teaching plays/drama (Diary of Anne Frank)

Discussion in 'Secondary Education' started by MissEducated, Oct 29, 2008.

  1. MissEducated

    MissEducated Rookie

    Joined:
    Jul 20, 2008
    Messages:
    13
    Likes Received:
    0

    Oct 29, 2008

    My eighth-grade reading class is currently studying "The Diary of Anne Frank." They are really into it, and seem to be enjoying the story, but unfortunately, there are only ten character parts in the play, and I have 22 students in my class. This leads to issues because most kids want to read, and there aren't enough parts for everyone. I have been dividing the class in half, and letting half read one day, and half the next. But I'm not sure this is the best way to keep EVERYONE engaged, and not just the students who are reading that day.

    Anyone have any ideas on effective ways to read plays as a class? Or any specific activities or graphic organizers that go well with drama? This is the longest work we have read aloud so far, and I just want to make sure that my students haven't forgotten the beginning of the play by the time we get to the end. . .
     
  2.  
  3. ChangeAgent

    ChangeAgent Comrade

    Joined:
    Jun 1, 2007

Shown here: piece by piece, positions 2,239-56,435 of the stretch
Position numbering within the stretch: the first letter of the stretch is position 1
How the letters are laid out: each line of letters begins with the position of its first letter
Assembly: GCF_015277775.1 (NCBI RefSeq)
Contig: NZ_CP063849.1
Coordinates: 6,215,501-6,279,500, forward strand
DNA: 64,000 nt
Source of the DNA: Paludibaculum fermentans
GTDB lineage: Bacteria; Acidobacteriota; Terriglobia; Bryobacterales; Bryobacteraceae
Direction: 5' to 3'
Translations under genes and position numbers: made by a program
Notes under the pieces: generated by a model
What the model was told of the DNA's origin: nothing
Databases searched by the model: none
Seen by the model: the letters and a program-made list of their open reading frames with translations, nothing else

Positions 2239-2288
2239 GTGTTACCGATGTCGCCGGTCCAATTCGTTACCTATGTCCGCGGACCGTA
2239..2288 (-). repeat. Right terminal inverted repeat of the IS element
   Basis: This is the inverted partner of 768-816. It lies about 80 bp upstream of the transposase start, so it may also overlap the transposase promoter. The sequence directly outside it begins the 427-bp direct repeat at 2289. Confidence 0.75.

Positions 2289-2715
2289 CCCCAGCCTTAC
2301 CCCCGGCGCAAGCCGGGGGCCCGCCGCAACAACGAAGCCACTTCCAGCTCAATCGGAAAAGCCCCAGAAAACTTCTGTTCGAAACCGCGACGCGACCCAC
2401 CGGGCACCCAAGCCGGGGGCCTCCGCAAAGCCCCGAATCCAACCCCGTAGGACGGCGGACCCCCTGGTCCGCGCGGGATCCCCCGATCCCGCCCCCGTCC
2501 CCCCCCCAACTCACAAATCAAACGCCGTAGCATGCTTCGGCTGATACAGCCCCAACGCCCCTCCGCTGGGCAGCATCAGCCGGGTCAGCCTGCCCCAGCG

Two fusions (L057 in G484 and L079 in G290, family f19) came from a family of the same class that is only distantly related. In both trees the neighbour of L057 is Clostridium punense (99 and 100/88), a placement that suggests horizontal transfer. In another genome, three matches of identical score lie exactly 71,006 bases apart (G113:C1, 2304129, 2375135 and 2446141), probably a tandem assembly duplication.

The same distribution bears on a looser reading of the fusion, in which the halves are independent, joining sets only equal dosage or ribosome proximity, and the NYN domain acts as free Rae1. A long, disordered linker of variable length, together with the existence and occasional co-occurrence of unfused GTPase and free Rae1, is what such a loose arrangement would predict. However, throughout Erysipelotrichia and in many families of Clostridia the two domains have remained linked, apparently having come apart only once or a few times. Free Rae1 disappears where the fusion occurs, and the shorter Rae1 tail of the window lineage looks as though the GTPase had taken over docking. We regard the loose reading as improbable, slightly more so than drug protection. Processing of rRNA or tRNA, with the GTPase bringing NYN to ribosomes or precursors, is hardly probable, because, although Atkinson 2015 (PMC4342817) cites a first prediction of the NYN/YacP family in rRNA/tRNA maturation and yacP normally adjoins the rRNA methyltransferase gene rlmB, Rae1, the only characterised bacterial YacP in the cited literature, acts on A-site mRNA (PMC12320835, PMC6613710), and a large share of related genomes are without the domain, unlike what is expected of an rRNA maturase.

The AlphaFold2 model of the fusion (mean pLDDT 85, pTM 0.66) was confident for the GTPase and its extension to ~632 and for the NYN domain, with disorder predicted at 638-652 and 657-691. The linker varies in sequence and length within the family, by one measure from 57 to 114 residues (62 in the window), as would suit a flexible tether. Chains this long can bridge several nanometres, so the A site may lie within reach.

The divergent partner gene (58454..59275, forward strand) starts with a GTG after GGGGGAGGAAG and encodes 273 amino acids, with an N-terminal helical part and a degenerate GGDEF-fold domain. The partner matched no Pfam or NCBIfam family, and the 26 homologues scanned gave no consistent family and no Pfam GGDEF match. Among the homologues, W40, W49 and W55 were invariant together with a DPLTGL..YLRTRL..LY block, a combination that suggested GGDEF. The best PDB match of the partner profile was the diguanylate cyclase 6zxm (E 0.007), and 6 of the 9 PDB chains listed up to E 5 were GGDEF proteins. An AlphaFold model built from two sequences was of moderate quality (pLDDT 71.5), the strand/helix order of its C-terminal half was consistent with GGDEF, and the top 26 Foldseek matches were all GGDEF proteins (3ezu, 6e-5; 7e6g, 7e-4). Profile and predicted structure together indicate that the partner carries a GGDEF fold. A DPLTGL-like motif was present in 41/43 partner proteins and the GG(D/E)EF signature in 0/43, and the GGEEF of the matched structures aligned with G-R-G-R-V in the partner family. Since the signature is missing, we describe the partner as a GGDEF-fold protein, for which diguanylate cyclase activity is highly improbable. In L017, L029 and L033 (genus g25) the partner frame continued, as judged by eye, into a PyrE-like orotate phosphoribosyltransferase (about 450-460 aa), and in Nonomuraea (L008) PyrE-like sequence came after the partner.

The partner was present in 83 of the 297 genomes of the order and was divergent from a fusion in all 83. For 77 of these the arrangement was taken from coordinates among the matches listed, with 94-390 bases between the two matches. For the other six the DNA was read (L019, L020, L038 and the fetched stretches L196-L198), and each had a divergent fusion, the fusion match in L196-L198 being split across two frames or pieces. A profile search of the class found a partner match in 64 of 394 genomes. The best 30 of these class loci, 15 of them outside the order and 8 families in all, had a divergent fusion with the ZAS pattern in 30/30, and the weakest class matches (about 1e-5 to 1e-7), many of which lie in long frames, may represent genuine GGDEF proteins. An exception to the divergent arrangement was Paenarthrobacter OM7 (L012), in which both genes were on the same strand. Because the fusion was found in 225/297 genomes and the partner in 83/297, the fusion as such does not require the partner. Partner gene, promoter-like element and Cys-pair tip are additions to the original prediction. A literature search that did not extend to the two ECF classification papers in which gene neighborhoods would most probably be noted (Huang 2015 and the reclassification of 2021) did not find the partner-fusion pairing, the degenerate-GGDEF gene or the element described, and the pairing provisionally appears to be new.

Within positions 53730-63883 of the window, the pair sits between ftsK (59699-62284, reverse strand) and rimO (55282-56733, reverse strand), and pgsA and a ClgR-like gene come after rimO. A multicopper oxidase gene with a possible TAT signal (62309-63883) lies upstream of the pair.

Messages:
    457
    Likes Received:
    0

    Oct 30, 2008

    When we read R&J last year, I had my students complete a scene review sheet--list location, characters, and three major events as a summary (in bullet form).

    I switched readers for each scene, as well. This fluidity gave more students the opportunity to read (and those who struggled would not have to stress about reading too much if they got a shorter part--or those who were struggling readers but really liked a certain character could have a chance to read that part).

    Also, for characters, we made name tags (tag-board, folded hot-dog style), which were color-coded for R&J (Montagues, Capulets, Royalty, and Others). As we switched readers, the name tags went with them to provide a visual. We added illustrations and comments to these communal name tags as necessary as we read.

    Also, as we were reading drama, we played some theatre games: stretches, vocal exercises, made tableaus (I know that's the incorrect plural spelling), staged scenes. I could split the class and see how each group would stage it differently.

    Hope some of this provided something you could work with or build on.
     
  4. dovian

    dovian Comrade

    Joined:
    Aug 18, 2007
    Messages:
    260
    Likes Received:
    0

    Oct 30, 2008

    I have done the following:

    - Give study questions/reading questions. Divide them into groups of 4 or so and have them read a scene, then answer the questions. Everybody gets to read and nobody's bored, and they're accountable because of the questions (which you can collect or not).

    - Change parts each scene, as previously suggested. If only a few are reading have something that the rest of the class needs to be looking for/taking notes on. This will probably still result in the same people reading all the time but it gets spread around a little bit.
     

Share This Page

test